So as you can see from the examples … what we’re doing here resonates with so many people. And trust me I get dozens of these types of notes. But also evident from these two notes is that it truly is not “one size fits all” when it comes to how depression affects people. To that point I want to share something I posted on Facebook that addresses this topic … I hope you find it useful …
“In reading some of the preambles to my posts that folks are sharing, as well as comments to the posts … its evident that there’s a distinct disconnect between how some people perceive Lynn’s life and her battle with depression and how me and my boys see it. Now look I’m no expert on depression. But I was an “expert” on Lynn as she was an “expert” on me. We’e been hanging around each other for 36 years … through the good times (vast majority) and the bad (we had our fair share just like every other couple). I knew her better than ANYONE on this planet … period. And look I wasn’t inside her head as she wasn’t inside mine … but we shared so much … we knew each other very intimately, very intensely … we could read each other.
So again I’m not a doctor. I haven’t done extensive research on depression … yet. But I do have years of practical experience with it. And based on that experience and what I’ve seen within my family and outside with others … I firmly believe that depression is not a “one size fits all” disease. Similar to cancer it’s not just one common disease … it comes in many different forms. So my comments aren’t intended to address depression holistically … but are intended to be specific to what I witnessed with Lynn over the years. As I’ve mentioned before … Lynn battled depression over the years … there were times where she managed it well and there were times where it got the best of her. Lynn also took her disease seriously … she didn’t try to dismiss it, she wasn’t in denial … she dealt with it … she actively sought help. And just know … given how well I knew her … I also could sense when she was struggling. And look, maybe not the instant she started to struggle … but I would pick up on it … I paid attention to her. And the other thing was … she didn’t try to hide things from me … if I asked she told me, and often she told me without me asking. I could see it in her eyes; I could see the tension in her jaws; I could see the change in her disposition; I could see the darkness or steely gaze in her eyes. So based on all of that … what I can tell you is that Lynn was not “tormented” on a daily basis. Quite the contrary … she was enjoying life tremendously … particularly the last several years.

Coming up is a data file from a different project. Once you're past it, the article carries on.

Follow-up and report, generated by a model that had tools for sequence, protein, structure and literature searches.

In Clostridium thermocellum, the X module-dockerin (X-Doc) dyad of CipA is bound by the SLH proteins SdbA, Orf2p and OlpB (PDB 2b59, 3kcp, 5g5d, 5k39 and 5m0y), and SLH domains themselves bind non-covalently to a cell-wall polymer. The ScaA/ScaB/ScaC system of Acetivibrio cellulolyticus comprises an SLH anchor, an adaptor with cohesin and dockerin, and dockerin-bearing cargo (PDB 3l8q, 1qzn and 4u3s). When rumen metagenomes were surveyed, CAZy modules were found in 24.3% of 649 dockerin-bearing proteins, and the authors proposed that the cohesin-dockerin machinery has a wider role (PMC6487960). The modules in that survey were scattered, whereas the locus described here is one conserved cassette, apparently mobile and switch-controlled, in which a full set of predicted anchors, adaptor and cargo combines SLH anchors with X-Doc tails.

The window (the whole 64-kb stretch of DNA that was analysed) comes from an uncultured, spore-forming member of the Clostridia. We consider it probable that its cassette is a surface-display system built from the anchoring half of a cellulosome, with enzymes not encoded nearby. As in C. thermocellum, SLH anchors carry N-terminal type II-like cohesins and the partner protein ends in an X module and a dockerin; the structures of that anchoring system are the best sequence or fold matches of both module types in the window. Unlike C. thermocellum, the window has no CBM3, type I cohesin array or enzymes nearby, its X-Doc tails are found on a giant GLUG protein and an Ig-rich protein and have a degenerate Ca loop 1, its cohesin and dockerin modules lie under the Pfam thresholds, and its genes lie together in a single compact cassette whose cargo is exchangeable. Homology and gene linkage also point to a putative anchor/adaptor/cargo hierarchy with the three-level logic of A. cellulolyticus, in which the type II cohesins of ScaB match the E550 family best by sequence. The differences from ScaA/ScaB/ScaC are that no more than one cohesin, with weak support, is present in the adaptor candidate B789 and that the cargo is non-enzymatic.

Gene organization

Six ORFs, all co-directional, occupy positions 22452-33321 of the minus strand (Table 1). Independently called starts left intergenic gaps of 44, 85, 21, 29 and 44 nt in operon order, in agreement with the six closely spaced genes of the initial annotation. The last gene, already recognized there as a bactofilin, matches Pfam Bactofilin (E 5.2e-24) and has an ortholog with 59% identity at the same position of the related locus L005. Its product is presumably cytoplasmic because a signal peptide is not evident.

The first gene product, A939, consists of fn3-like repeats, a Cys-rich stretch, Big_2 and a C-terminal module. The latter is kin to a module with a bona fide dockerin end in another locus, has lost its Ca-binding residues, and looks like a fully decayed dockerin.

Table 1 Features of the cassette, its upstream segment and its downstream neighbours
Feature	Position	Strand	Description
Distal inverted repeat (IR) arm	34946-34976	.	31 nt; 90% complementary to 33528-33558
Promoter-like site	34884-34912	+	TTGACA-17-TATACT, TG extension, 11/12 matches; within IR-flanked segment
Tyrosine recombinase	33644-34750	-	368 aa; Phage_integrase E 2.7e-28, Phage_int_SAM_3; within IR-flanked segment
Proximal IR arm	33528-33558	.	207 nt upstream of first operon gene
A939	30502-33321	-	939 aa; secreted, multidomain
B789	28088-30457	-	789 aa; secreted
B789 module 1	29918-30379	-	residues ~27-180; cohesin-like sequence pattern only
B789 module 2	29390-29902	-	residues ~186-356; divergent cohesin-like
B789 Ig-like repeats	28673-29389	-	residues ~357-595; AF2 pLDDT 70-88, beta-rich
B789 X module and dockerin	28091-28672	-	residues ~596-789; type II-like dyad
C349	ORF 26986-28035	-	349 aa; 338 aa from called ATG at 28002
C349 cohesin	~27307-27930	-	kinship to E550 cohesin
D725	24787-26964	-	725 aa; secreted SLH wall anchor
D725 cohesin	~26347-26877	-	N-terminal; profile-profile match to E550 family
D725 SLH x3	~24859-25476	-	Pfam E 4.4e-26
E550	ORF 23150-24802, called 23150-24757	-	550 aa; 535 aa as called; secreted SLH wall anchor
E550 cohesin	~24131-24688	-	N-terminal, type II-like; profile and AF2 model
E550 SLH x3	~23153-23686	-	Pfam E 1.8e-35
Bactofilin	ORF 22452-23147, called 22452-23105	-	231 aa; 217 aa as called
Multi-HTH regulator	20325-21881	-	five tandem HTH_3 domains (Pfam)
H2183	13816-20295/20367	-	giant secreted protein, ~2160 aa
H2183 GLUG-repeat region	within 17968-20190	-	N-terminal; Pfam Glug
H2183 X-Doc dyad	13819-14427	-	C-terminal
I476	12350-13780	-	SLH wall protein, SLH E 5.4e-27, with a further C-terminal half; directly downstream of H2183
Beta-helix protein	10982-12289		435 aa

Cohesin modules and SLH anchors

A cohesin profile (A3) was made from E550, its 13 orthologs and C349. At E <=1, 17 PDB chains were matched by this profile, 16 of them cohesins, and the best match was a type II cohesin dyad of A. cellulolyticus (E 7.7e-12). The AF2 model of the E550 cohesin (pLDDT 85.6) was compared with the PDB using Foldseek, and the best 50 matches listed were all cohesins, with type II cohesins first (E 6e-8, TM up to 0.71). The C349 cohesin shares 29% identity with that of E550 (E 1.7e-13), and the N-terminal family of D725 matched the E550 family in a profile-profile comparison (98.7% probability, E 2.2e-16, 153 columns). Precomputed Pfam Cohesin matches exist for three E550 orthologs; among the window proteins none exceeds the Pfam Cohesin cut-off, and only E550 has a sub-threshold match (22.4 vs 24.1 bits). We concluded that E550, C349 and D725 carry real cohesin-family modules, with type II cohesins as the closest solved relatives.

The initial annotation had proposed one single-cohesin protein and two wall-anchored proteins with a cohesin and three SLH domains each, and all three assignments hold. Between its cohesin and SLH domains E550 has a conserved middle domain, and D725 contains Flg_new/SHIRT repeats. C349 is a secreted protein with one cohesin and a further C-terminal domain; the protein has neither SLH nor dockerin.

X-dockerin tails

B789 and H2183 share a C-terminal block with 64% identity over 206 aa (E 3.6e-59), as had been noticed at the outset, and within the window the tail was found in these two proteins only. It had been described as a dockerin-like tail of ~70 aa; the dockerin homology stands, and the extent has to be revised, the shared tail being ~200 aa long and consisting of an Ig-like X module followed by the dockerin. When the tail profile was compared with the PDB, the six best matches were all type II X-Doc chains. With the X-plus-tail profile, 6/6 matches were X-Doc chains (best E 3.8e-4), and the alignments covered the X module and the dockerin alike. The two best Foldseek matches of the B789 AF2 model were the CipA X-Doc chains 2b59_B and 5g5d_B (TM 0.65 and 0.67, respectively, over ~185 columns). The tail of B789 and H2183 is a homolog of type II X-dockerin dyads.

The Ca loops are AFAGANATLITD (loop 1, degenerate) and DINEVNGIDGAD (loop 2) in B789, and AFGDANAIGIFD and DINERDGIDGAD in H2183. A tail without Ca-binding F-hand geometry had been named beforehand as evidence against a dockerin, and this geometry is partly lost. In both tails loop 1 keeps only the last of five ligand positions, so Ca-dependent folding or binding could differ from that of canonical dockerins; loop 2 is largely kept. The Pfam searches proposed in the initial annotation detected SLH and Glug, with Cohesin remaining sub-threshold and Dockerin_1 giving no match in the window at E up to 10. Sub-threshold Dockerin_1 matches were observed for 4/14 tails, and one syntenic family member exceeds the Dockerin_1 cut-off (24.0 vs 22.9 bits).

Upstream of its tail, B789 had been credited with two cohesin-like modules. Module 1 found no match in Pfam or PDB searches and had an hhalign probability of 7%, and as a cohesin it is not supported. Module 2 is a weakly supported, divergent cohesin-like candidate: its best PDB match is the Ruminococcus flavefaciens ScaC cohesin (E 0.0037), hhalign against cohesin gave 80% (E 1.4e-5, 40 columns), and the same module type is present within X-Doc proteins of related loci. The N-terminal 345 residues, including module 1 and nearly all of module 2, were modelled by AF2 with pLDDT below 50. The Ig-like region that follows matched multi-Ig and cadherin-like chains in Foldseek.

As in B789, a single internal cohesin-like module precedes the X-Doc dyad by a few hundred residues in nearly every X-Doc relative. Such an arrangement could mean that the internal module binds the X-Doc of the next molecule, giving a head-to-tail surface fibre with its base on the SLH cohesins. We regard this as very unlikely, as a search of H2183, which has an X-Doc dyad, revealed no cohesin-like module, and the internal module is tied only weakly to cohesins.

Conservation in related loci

Look I know some folks may not be able to get their heads around this … and you’re just thinking “she had to be tormented constantly to do this.” I get it … but look if that’s you, that’s fine everyone has a right to their opinion. But if that’s you … keep it to yourself … don’t try to push that on me or my boys … because we KNOW differently. She was happy for quite a stretch of time. And yes … that changed in a very short period of time … and it grabbed her and she couldn’t shake it … and she made an irrational decision in a terrible moment of despair. Yes, I believe that … it makes sense … happy people don’t commit suicide. But at the same time … don’t get that twisted with the fact that she had been happy and proud of herself for a considerable period of time preceding this “moment of despair”.
Last point … maybe what I’m talking about here, i.e. the fact that things can turn deadly so quickly … is another reason why we need to recognize how dangerous this disease can be.
So please … try to understand our perspective here. And if you disagree … that’s fine … just keep your opinion or “analysis” off my wall … please.”
So again, I hope you found some value out of this post. Stay tuned for the next one and please spread the word on what we’re talking about here. Peace.